Epictetus part 18: Bad omens

This article is part of the weekly Epictetus series. New articles will be published every Monday.

We know by now that our worry is only in our mind. Moreover, we are not disturbed by external events, but only by our opinions about them. In line with these lessons, Epictetus takes a look at fortune-telling and good or bad omens. In ancient Greece, it was very common to consult an oracle or to observe the flight of birds in order to predict the future. Good and bad omens were taken very seriously. Even though most of us do no longer belief in prophecies, oracles and omens, we can still be disturbed by them. When was the last time you thought ‘this doesn’t predict much good’ after something happened? Without realizing it, good or bad omens still affect us. The advice of Epictetus: don’t worry about it, for it doesn’t concern you. If it is at all relevant, then it only concerns external circumstances like property or opinion.

When a raven croaks as a bad omen, don’t be carried away by the appearance. Instead, distinguish directly for yourself and say: ‘none of these things are marked for me, but either for my body, for my property, for my opinions, for my children or for my wife’. For me, everything is marked as a good omen, if only I want it. Because whatever of these things arises, it is up to me to benefit from it.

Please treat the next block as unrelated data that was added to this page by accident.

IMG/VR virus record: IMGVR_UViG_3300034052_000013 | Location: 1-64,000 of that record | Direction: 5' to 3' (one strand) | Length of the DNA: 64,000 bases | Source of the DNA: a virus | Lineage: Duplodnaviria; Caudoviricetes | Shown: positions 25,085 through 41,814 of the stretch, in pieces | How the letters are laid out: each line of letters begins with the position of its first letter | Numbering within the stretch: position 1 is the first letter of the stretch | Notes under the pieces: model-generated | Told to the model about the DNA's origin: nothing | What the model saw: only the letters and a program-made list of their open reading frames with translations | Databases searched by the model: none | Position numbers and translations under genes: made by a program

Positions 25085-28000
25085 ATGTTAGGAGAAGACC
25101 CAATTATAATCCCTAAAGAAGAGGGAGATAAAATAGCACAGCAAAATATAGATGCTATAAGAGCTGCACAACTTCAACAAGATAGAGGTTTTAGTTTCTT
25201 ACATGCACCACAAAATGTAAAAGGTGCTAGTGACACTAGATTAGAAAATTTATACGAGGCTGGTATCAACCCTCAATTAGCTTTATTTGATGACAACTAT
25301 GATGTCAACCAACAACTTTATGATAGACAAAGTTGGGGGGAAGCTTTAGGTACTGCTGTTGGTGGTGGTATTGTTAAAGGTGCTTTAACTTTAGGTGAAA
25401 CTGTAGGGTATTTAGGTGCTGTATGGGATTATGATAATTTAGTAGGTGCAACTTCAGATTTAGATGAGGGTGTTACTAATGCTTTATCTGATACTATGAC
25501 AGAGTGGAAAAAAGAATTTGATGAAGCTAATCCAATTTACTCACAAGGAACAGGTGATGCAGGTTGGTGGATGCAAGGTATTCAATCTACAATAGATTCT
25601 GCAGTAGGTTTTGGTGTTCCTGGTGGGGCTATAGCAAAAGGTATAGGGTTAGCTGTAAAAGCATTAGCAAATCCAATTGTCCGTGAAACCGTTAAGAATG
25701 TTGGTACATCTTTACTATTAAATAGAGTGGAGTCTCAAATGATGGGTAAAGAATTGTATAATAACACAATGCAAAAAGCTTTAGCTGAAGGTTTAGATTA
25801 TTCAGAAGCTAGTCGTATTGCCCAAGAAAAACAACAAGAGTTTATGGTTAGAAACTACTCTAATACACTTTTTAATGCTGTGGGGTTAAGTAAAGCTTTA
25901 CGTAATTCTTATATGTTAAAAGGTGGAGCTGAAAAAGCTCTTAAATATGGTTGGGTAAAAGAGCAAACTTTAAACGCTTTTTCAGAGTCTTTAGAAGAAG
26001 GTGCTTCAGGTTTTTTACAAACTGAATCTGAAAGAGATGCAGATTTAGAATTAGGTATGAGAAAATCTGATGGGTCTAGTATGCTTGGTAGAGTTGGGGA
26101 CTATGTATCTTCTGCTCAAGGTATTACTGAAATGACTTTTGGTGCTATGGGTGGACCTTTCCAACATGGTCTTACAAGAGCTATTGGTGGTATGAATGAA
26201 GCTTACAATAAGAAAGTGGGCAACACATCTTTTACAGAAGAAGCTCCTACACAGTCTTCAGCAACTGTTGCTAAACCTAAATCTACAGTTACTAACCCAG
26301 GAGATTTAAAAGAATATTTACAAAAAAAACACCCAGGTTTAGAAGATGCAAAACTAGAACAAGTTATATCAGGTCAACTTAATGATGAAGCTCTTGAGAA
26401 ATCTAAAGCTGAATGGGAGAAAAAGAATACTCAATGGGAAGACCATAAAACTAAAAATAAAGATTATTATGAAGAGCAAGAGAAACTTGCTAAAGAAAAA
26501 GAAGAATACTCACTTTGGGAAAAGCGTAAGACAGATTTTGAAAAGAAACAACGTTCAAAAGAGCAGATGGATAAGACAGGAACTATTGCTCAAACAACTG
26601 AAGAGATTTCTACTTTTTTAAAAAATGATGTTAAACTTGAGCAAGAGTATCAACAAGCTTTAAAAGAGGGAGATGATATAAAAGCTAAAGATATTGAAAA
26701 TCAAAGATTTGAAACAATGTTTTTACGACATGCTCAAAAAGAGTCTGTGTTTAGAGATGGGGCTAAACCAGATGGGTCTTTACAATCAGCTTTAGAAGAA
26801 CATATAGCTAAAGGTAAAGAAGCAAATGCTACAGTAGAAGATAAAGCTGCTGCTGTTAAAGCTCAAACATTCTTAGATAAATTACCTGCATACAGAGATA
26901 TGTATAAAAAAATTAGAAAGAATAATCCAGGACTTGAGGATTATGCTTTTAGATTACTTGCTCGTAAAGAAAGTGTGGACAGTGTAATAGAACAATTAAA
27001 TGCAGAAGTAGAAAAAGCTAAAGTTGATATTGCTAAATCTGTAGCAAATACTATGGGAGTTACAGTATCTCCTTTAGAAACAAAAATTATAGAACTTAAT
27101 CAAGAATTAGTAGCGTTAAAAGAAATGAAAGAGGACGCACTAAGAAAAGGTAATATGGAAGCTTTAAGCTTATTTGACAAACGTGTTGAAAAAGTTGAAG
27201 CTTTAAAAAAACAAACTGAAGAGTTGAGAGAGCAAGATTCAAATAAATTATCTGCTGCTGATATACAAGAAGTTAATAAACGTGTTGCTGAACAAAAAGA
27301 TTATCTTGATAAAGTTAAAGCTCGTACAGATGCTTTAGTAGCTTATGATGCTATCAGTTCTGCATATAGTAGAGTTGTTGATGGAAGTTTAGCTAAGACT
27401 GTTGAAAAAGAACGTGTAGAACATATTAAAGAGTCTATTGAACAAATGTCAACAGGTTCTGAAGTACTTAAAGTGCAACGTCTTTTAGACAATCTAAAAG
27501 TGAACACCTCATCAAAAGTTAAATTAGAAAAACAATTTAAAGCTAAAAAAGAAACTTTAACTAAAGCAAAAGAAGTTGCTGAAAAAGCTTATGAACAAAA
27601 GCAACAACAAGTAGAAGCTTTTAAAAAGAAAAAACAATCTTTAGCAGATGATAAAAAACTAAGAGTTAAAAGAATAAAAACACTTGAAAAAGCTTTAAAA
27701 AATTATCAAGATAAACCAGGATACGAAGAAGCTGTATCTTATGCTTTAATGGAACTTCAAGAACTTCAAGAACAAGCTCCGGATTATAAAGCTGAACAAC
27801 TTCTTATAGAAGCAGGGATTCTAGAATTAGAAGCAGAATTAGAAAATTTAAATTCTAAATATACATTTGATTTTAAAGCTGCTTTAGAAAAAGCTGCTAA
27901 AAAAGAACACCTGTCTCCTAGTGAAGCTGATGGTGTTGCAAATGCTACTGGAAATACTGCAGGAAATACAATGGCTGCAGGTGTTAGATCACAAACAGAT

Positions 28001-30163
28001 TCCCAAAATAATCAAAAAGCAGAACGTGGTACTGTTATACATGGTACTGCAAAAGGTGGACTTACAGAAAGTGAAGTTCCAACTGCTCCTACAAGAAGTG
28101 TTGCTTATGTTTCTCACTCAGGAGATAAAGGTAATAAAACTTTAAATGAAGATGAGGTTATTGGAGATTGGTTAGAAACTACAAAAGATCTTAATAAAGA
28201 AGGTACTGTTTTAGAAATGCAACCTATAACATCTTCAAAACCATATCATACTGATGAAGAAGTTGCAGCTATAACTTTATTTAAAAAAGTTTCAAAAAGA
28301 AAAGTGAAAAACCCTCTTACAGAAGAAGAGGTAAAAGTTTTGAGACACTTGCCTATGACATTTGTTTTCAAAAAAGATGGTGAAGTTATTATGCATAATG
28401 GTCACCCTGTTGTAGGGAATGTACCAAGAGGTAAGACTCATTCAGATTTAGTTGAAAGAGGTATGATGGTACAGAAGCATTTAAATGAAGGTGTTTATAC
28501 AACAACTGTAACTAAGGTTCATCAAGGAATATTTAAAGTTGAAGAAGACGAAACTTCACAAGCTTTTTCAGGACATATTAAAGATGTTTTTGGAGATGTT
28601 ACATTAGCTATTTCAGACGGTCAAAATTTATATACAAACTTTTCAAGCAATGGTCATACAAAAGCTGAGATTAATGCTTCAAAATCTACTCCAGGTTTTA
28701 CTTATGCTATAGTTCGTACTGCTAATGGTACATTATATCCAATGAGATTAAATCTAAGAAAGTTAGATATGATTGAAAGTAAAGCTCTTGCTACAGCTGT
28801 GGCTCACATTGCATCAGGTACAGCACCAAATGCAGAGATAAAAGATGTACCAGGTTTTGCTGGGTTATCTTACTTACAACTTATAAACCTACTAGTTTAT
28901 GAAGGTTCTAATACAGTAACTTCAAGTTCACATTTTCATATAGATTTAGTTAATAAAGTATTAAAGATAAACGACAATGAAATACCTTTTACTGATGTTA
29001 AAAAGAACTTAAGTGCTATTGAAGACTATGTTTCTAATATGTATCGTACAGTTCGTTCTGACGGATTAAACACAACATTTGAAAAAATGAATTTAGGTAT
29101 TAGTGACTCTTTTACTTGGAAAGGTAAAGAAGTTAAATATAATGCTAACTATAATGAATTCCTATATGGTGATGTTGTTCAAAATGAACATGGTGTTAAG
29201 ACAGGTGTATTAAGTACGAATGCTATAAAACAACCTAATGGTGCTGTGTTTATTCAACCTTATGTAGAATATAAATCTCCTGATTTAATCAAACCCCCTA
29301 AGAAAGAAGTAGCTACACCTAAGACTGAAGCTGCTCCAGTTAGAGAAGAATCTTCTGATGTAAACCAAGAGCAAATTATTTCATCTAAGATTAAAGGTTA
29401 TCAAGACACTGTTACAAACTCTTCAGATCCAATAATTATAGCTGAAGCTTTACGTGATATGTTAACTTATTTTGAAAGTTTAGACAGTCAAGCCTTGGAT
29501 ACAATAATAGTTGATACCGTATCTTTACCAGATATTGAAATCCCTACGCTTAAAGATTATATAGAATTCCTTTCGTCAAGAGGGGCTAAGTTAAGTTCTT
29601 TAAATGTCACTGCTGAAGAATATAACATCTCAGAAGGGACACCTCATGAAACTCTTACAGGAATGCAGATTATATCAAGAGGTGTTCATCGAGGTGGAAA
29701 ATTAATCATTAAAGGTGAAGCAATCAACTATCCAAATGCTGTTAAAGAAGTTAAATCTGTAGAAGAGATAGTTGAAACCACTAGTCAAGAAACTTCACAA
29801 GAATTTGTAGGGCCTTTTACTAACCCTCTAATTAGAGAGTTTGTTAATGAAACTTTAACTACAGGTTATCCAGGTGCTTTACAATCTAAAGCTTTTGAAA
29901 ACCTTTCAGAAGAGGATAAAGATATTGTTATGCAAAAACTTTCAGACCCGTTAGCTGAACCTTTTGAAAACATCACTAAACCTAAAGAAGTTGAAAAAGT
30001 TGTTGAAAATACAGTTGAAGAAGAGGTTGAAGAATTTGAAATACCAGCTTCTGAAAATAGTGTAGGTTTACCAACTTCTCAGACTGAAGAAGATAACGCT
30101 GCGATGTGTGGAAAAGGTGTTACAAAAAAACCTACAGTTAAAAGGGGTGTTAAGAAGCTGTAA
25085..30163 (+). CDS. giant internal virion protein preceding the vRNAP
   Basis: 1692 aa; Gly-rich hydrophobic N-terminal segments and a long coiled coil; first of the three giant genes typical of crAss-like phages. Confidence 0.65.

So, how should we deal with omens? First of all, realize that they can’t harm you if you don’t let them. You are in control of your happiness. Second, look favourably upon every event. Instead of thinking ‘this does not predict much good’, think ‘if anything, then this is natural and therefore good’.

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